Neurodiversity-affirming practices in therapy embrace neurodiversity, which concerns how brains function. It’s about understanding that conditions like autism spectrum disorder, attention-deficit hyperactivity disorder (ADHD) or dyslexia are natural differences. Neurodiversity-affirming practices respect these differences and want to help people live their best lives based on their strengths and choices.
Neurodiversity-affirming practices value and respect the differences in how our brains work. Neurodiversity-affirming therapy embraces these differences as natural variations. The goal is to help people with these differences live authentic lives by embracing their strengths and fostering autonomy.
What It Means to Be Neurodivergent
Being neurodivergent means that your brain operates differently from what is deemed typical. For instance, some people might have autism or ADHD, meaning their brains process information and emotions differently from the norm. The term “neurodivergent” acknowledges these differences instead of suggesting they should change.
Some people with mental health conditions may not identify with the neurodivergent label, but it is becoming a popular umbrella term that acknowledges the diversity of human brain functions.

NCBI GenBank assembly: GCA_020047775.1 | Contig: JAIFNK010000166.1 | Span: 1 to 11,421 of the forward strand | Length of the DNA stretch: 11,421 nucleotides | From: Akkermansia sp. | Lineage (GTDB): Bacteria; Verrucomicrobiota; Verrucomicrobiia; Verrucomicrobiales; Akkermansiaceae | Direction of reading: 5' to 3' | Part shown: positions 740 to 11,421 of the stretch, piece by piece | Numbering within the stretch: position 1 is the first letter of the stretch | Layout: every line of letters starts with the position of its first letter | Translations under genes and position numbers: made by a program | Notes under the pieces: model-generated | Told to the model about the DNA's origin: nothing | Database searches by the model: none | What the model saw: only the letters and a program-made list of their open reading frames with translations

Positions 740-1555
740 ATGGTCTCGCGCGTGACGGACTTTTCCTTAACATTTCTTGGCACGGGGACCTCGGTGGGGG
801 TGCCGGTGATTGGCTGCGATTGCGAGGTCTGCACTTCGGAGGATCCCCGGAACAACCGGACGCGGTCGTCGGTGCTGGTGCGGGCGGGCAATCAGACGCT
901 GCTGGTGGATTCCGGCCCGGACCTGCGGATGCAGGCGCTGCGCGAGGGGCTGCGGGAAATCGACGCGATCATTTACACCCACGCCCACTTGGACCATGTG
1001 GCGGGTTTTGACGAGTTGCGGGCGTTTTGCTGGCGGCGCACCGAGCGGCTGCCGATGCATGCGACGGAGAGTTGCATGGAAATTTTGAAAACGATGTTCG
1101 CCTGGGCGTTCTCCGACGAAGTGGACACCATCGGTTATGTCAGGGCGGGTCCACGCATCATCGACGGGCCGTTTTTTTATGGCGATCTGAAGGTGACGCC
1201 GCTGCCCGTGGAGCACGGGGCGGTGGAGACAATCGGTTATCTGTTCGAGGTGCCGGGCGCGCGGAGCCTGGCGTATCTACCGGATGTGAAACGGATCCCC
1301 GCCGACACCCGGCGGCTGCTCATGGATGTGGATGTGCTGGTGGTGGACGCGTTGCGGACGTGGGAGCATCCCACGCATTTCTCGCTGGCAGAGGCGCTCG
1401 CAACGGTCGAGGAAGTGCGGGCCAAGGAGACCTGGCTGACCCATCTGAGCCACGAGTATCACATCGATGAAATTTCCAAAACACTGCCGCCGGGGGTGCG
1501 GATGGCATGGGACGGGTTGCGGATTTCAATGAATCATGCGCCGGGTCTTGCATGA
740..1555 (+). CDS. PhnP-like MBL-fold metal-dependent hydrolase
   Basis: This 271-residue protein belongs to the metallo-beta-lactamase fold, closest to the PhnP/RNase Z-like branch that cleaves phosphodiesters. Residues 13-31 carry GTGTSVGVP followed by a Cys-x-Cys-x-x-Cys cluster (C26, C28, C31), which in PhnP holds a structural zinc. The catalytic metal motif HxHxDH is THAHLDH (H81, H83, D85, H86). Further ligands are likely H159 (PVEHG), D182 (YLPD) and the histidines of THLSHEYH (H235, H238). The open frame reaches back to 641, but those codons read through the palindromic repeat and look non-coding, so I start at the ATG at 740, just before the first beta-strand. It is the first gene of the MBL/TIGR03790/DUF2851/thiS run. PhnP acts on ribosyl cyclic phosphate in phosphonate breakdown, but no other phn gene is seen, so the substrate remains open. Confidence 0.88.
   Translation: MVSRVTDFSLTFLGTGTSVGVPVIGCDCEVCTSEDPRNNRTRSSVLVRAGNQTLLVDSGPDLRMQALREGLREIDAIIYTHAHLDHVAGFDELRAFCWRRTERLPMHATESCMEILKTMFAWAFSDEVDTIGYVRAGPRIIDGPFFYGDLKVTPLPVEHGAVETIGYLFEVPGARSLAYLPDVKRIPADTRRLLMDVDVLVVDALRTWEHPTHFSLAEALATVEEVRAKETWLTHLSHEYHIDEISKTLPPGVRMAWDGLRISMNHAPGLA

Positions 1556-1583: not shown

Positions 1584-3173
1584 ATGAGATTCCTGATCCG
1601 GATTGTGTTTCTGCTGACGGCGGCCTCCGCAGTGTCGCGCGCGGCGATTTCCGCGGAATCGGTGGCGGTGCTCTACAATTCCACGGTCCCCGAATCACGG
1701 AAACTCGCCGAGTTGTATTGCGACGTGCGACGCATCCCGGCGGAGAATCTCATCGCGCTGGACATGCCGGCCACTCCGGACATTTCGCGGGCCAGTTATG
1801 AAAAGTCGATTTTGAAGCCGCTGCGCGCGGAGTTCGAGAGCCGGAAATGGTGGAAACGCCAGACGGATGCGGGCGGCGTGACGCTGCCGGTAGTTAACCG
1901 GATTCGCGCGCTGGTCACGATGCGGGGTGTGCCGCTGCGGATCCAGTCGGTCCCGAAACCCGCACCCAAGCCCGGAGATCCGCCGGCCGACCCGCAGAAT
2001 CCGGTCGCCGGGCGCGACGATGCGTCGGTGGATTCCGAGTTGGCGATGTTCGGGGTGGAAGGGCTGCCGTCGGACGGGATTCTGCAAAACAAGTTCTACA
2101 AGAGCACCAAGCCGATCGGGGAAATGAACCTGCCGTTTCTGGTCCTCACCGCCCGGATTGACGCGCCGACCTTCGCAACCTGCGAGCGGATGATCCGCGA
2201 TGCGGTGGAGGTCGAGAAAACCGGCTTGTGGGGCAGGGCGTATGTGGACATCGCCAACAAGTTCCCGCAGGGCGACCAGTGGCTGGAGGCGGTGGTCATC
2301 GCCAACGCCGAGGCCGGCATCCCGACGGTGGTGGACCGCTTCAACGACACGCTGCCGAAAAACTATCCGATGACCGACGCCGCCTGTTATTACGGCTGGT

Some examples of conditions or characteristics that fall under the neurodivergent umbrella include:
- Autism Spectrum Disorder: Autism is a developmental disability with genetic links. Individuals with autism learn differently and experience the world in a unique way due in part to differences in communication, behavior and emotional regulation and sensory processing abilities. These differences can contribute to strengths in multiple areas, such as gaining in-depth knowledge, maintaining routine and structure, and offering important sensory insights about an experience.
- Attention-Deficit Hyperactivity Disorder: ADHD brings challenges with executive functioning, including difficulty focusing and inhibiting impulses. People with ADHD might struggle to stay focused for a long time. They often have many creative and innovative thoughts. Their unique cognitive processing can lead to unconventional solutions and fresh perspectives.
- Dyslexia: Dyslexia typically calls for specialized instruction in reading and spelling, but having dyslexia may mean individuals are more likely to adapt towards strengths in perceptual problem solving.